New York Attorney General Eric T. Schneiderman announced Wednesday that his office has filed a lawsuit alleging that Novartis Pharmaceuticals Corp. paid kickbacks to a New York-based pharmacy company to boost sales of the company’s iron-reduction drug, Exjade. The drug is often prescribed to consumers who need regular blood transfusions.
Schneiderman also announced an agreement with BioScrip Inc. under which the pharmacy will pay a total of $15 million to cover costs to Medicaid and Medicare nationally for excessive Exjade prescriptions.
The lawsuit charges that the kickback scheme began in 2007, when Novartis executives had become concerned that patients taking Exjade were discontinuing its use because of harmful side effects. The kickbacks were designed to get the pharmacy to keep patients on the drug as long as possible, Schneiderman said.
The lawsuit alleges that as part of the scheme, BioScrip employees made thousands of calls to Medicaid recipients in New York and other states from a central call center in Ohio encouraging them to refill Exjade prescriptions or resume taking Exjade. It also alleges that BioScrip employees downplayed the side effects of Exjade in the calls.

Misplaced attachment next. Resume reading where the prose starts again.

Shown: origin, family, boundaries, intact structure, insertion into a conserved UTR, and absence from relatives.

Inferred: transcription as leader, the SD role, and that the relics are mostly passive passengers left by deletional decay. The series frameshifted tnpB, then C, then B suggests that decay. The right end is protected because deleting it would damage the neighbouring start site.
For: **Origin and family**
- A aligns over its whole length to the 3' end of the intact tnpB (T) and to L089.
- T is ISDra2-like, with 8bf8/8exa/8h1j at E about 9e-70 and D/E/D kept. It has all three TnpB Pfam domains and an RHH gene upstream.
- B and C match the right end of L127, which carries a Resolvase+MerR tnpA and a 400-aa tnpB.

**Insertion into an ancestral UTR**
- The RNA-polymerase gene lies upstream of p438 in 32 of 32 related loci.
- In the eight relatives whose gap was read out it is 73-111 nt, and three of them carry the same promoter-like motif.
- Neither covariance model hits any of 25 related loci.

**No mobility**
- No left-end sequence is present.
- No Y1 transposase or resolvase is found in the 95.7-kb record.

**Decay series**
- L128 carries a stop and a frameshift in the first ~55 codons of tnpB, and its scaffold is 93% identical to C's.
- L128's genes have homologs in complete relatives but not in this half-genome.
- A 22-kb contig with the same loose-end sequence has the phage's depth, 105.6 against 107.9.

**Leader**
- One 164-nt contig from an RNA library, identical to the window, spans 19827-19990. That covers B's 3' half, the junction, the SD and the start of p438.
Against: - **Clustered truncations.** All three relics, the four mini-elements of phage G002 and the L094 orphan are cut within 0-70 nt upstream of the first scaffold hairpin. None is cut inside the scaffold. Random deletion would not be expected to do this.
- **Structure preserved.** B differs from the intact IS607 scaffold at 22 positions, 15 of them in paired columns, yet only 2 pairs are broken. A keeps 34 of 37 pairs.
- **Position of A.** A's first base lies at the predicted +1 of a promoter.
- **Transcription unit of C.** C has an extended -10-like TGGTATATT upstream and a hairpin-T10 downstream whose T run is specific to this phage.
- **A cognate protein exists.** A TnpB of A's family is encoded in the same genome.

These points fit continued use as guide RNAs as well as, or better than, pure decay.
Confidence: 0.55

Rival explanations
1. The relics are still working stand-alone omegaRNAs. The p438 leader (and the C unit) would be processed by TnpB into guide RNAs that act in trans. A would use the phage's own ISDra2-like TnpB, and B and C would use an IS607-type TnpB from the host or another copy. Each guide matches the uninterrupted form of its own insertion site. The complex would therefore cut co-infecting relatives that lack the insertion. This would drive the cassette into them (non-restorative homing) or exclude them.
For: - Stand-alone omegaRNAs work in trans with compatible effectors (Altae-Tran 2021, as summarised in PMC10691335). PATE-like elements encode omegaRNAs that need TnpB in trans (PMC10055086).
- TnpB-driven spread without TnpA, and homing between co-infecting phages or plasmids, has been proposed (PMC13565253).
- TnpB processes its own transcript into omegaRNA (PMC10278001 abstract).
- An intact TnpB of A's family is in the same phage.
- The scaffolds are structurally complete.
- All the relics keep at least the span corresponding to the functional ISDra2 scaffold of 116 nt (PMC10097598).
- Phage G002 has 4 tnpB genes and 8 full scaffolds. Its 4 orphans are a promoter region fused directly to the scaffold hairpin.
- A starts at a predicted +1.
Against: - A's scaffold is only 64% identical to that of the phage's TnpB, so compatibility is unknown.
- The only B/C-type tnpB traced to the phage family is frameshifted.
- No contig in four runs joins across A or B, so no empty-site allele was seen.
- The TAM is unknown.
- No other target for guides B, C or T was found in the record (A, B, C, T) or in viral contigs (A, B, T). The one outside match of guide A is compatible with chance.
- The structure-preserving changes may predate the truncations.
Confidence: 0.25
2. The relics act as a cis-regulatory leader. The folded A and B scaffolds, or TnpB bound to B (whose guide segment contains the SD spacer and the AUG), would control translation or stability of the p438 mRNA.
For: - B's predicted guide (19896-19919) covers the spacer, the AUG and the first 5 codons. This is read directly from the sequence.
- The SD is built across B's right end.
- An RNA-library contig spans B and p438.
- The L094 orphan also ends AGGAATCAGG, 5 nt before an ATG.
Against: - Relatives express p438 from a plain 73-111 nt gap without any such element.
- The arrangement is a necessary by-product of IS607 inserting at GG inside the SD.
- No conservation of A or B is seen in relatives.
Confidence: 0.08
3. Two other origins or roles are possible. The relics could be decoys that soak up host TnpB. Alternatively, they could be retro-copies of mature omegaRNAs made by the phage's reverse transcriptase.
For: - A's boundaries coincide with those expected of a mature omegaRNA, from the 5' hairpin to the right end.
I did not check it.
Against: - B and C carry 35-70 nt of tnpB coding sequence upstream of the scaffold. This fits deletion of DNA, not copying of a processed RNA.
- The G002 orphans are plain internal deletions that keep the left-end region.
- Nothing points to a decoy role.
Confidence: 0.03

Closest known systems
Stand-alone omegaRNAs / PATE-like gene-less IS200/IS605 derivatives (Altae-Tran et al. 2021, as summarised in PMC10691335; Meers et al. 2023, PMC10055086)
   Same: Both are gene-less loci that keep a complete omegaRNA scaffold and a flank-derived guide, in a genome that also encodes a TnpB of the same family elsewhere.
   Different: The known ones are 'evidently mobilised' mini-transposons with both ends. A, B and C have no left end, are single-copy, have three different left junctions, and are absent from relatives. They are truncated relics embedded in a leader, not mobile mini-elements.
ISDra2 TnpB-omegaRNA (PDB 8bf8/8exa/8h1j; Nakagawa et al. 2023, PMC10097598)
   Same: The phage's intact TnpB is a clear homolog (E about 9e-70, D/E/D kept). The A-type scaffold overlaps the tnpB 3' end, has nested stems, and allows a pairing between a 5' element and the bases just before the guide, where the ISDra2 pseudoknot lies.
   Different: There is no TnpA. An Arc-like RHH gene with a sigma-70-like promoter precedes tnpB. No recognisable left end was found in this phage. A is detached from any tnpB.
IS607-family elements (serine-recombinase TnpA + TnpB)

“When it comes to prescription drugs, New Yorkers and, indeed, all patients have a right to expect unbiased information from their pharmacy,” Schneiderman said. “This arrangement between Novartis and BioScrip was dangerous for patients and is against the law. Our lawsuit against Novartis and our agreement with BioScrip send a clear message: Drug companies cannot pay pharmacies to promote drugs directly to patients.”
The Food and Drug Administration approved Exjade in late 2005 for the treatment of chronic iron overload due to blood transfusions.
When Novartis launched the drug, it created a closed distribution network in which most Exjade prescriptions in the United States were filled by one of three pharmacies selected by Novartis, he said. BioScrip was one of the pharmacies in this network, which Novartis promoted to doctors and patients as a way to supposedly foster patient education, according to the lawsuit.
Schneiderman said Novartis controlled which pharmacy filled many of the prescriptions for Exjade dispensed through this network.